CRIP1 was also described in breast cancer to be among a panel of genes relevant to bone metastases [26, 27]. In our study, we did not analyze metastases, only primary breast tumors, in which CRIP1 expression was not significantly associated with lymph node metastases or tumor size. Our in vitro analyses confirm the findings in metastatic tissues. The invasive behavior of the cells was strongly elevated following CRIP1 knockdown in T47D and BT474 cells. Additionally, we confirmed that the potential for the enhanced invasion of the cells after CRIP1 knockdown may also be based on the increase in active MMP (matrix metalloproteinases) 9 levels. MMPs are key proteins in wound healing, tumor invasion, angiogenesis and carcinogenesis . A prerequisite for invasion and thus tumor malignancy is the cleavage of the precursor protein into the active MMP , which, in our study, was elevated after CRIP1 downregulation.
Latonen et al. found that CRIP1 protein expression was upregulated as a response to increased cellular density, indicating a proliferation-reducing activity of CRIP1 . This observation is in agreement with our in vitro analyses, suggesting that low CRIP1 protein levels promote cell proliferation.
To further characterize the function of CRIP1 in breast cancer, particularly its role in cell signaling and proliferation processes, we investigated the phosphorylation status of several signaling molecules (MAPK, STAT3, PTEN and Akt). These proteins are all essential in cellular processes, including proliferation, survival, growth, migration, differentiation and anti-apoptotic pathways [16, 19, 31–33]. Following CRIP1 knockdown, we observed an elevated phosphorylation of MAPK. This kinase promotes proliferation, growth and migration through the phosphorylation of other key regulators and transcription factors. Elevated levels of phosphorylated MAPK due to CRIP1 knockdown could increase the proliferation and growth of breast cancer cells; however the degree of the effects were dependent on the respective cell line and used siRNA. This outcome may correlate with different genetic features and signaling pathways in the used cell lines.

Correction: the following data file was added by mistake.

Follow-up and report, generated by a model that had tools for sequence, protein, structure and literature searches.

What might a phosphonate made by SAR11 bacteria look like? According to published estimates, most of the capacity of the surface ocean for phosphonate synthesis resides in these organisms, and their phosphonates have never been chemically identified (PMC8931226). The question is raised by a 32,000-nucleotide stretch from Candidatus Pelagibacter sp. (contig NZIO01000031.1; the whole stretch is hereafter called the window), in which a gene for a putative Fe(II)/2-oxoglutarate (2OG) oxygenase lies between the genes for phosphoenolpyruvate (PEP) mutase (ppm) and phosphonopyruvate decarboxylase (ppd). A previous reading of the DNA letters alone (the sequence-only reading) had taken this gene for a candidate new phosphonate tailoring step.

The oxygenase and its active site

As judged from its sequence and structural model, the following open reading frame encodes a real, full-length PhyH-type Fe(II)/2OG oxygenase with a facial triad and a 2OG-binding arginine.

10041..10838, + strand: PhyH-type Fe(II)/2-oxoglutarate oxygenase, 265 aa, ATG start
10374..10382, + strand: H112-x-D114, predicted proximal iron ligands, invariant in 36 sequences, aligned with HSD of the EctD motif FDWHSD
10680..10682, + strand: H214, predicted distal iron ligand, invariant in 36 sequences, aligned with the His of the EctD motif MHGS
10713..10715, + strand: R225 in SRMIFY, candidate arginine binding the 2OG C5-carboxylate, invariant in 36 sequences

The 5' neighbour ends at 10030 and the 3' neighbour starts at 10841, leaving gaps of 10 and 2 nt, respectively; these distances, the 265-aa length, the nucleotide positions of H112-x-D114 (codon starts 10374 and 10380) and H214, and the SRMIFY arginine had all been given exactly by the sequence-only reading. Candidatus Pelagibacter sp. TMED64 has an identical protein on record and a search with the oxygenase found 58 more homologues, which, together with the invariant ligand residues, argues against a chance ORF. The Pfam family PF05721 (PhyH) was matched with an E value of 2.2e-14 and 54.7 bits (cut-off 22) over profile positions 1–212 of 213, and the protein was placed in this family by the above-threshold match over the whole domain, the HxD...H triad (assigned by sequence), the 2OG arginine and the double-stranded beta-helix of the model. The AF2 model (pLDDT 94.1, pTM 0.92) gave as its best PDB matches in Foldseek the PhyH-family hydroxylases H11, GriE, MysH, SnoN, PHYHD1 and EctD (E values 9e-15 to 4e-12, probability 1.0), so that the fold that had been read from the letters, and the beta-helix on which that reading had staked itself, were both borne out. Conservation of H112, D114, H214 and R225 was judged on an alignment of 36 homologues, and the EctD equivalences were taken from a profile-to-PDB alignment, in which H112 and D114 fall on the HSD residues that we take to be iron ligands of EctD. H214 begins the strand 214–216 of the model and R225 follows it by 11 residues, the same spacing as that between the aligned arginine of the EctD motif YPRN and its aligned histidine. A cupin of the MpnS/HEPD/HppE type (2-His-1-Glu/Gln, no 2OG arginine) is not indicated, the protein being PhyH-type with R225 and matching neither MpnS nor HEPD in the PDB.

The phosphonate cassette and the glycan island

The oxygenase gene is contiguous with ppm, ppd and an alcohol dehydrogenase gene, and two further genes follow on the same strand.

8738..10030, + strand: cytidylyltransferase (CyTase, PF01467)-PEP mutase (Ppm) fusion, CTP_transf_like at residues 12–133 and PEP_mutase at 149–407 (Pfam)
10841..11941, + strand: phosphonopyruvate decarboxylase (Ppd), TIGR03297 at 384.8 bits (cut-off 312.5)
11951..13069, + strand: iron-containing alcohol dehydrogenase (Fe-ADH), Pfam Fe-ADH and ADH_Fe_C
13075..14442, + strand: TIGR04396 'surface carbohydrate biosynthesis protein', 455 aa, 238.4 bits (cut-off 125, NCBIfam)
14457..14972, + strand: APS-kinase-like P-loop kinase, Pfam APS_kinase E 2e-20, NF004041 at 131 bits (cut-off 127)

STAT3 also plays an important role in cell growth, survival, differentiation and gene expression via phosphorylation at Tyr705 followed by dimerization, translocation to the nucleus and DNA binding. STAT3 phosphorylation at Ser727 is associated with its role as a transcription factor . Although the latter phosphorylation site was not affected, increased STAT3 phosphorylation at Tyr705 was observed after CRIP1 knockdown in T47D cells. This outcome indicates an association of CRIP1 with selective STAT3 activation, and reduced CRIP1 protein levels increase cell proliferation and survival via STAT3 activation in vitro.
We also determined the activation of Akt through phosphorylation at Thr308 and Ser473 using Western blot analysis. Activated Akt regulates survival and apoptosis through inhibiting target proteins [17, 33]. After CRIP1 knockdown, we observed an increase in Akt phosphorylation at Thr308 that may cause reduction in anti-apoptotic signaling. These results indicate that CRIP1 is associated with Akt.
Because CRIP1 knockdown did not affect the phosphorylation of p38 MAPK or PTEN, we conclude that p38 MAPK- and PTEN-mediated signal transduction is independent of CRIP1 expression levels.